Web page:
Saturday, October 25, 2008

Section 1.5: Polymorphism

Requirement: Describe polymorphism as it applies to classes and interfaces, and describe and apply the "program to an interface" principle.


(1.5.1) Polymorphism is the fact that an object variable can refer to multiple actual types. (1.5.2) The is-a rule states that every object of a subclass is an object of the superclass. (1.5.3) You can assign a subclass reference to a superclass variable (ex: assuming that Employee is the superclass and Manager is the subclass you can write: Employee e = new Manager(...) but you cannot write: Manager m = new Employee(....), all managers are employees but not all employees are managers). (1.5.4) Arrays of subclass references can refer to arrays of superclass references without a cast:

Manager[] managers = new Manager[10];
Employee[] staff = managers; //This is OK

But the caution here is that managers and staff are references for the same array. So if you write something like: staff[0] = new Employee(....); the compiler will not indicate any errors. But what you have done actually is that you assigned an Employee object to a Manager reference since managers[0] is the same as staff[0] which is illegal. So if you try to something like that an ArrayStoreException will be caused at run time.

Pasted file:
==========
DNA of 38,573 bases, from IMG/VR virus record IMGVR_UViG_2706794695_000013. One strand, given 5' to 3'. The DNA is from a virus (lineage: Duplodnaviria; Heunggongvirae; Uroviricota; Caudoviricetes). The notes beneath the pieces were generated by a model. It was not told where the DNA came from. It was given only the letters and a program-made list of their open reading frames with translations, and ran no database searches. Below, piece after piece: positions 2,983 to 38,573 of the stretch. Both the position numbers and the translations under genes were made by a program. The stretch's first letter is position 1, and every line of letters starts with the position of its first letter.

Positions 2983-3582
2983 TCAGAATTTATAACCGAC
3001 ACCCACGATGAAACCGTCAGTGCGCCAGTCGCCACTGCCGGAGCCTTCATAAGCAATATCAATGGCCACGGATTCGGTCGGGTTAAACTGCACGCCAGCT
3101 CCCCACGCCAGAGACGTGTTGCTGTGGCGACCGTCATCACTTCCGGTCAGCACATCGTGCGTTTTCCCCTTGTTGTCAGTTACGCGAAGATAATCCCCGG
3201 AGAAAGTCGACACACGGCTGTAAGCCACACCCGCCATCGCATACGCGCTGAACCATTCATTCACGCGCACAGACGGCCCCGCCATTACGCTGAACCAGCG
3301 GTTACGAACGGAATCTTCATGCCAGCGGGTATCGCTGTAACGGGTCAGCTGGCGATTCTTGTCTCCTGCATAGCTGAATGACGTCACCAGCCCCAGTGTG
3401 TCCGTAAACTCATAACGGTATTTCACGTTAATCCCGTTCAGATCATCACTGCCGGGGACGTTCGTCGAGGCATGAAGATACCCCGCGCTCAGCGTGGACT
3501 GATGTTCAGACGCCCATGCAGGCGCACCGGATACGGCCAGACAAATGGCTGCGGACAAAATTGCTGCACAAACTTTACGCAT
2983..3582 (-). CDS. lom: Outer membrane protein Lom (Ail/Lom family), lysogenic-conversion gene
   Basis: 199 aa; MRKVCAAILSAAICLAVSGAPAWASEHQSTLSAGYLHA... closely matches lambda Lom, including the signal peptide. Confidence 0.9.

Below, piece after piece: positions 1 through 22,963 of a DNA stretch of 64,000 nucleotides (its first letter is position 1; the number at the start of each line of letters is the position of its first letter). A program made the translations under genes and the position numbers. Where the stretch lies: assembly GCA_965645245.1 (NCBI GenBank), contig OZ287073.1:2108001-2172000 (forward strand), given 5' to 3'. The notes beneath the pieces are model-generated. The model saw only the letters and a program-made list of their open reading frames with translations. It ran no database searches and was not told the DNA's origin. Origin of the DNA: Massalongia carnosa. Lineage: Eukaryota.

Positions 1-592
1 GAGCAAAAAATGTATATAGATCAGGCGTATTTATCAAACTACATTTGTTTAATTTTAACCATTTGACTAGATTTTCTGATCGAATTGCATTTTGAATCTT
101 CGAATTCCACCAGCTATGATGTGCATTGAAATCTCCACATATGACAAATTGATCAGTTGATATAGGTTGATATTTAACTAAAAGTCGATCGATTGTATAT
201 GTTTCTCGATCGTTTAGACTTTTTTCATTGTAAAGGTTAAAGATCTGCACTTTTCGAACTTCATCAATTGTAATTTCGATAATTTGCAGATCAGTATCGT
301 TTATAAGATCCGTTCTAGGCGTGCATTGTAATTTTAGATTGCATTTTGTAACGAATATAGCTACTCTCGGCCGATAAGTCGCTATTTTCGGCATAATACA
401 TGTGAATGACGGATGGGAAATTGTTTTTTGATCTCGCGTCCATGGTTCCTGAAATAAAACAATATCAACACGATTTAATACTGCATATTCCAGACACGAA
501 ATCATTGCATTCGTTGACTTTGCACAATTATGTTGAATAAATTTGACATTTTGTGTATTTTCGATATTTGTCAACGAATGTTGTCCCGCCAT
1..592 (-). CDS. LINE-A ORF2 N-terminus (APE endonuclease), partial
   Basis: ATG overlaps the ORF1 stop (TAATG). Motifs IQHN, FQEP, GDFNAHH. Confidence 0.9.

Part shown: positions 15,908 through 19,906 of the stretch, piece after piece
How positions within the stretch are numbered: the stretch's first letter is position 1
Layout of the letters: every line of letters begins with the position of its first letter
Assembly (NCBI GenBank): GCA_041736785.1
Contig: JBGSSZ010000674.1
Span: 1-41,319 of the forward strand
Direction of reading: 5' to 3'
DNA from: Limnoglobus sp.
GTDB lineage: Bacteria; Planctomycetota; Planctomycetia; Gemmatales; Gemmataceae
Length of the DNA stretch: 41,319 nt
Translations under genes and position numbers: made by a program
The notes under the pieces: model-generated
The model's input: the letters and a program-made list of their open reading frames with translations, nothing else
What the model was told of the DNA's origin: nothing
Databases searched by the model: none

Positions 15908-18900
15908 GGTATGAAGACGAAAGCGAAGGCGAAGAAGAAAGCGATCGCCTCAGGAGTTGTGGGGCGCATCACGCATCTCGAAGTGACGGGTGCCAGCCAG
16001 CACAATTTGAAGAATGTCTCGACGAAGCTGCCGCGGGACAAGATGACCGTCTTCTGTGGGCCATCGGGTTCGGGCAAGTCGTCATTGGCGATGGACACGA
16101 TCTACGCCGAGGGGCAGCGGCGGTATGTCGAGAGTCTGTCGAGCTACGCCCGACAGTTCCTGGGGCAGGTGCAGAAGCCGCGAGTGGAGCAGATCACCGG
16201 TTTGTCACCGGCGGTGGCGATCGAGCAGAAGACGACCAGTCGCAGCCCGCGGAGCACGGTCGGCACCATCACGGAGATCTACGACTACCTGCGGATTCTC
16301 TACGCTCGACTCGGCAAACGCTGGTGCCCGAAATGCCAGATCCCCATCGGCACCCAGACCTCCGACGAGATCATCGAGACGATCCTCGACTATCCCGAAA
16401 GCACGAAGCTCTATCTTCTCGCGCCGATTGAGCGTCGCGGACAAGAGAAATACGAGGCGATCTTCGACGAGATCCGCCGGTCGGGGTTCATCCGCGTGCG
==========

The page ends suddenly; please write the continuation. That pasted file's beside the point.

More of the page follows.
Program to an Interface Principle:
(from the JavaRanch forum)

(1.5.5) Program to an interface means don't tie relationships to classes, instead tie them to interfaces. For example, I have a class C1 which is a parameter for a method M2 in class C2, I code M2 method as M2(C1 c). I cannot use M2 to process any objects from classes other than C1. Instead if an interface I1 is created and which is implemented by C1, I can change the method signature to M2(I1 i) and this will be able to process objects of any class that implements I1 including C1 instead of exclusively processing C1 objects.

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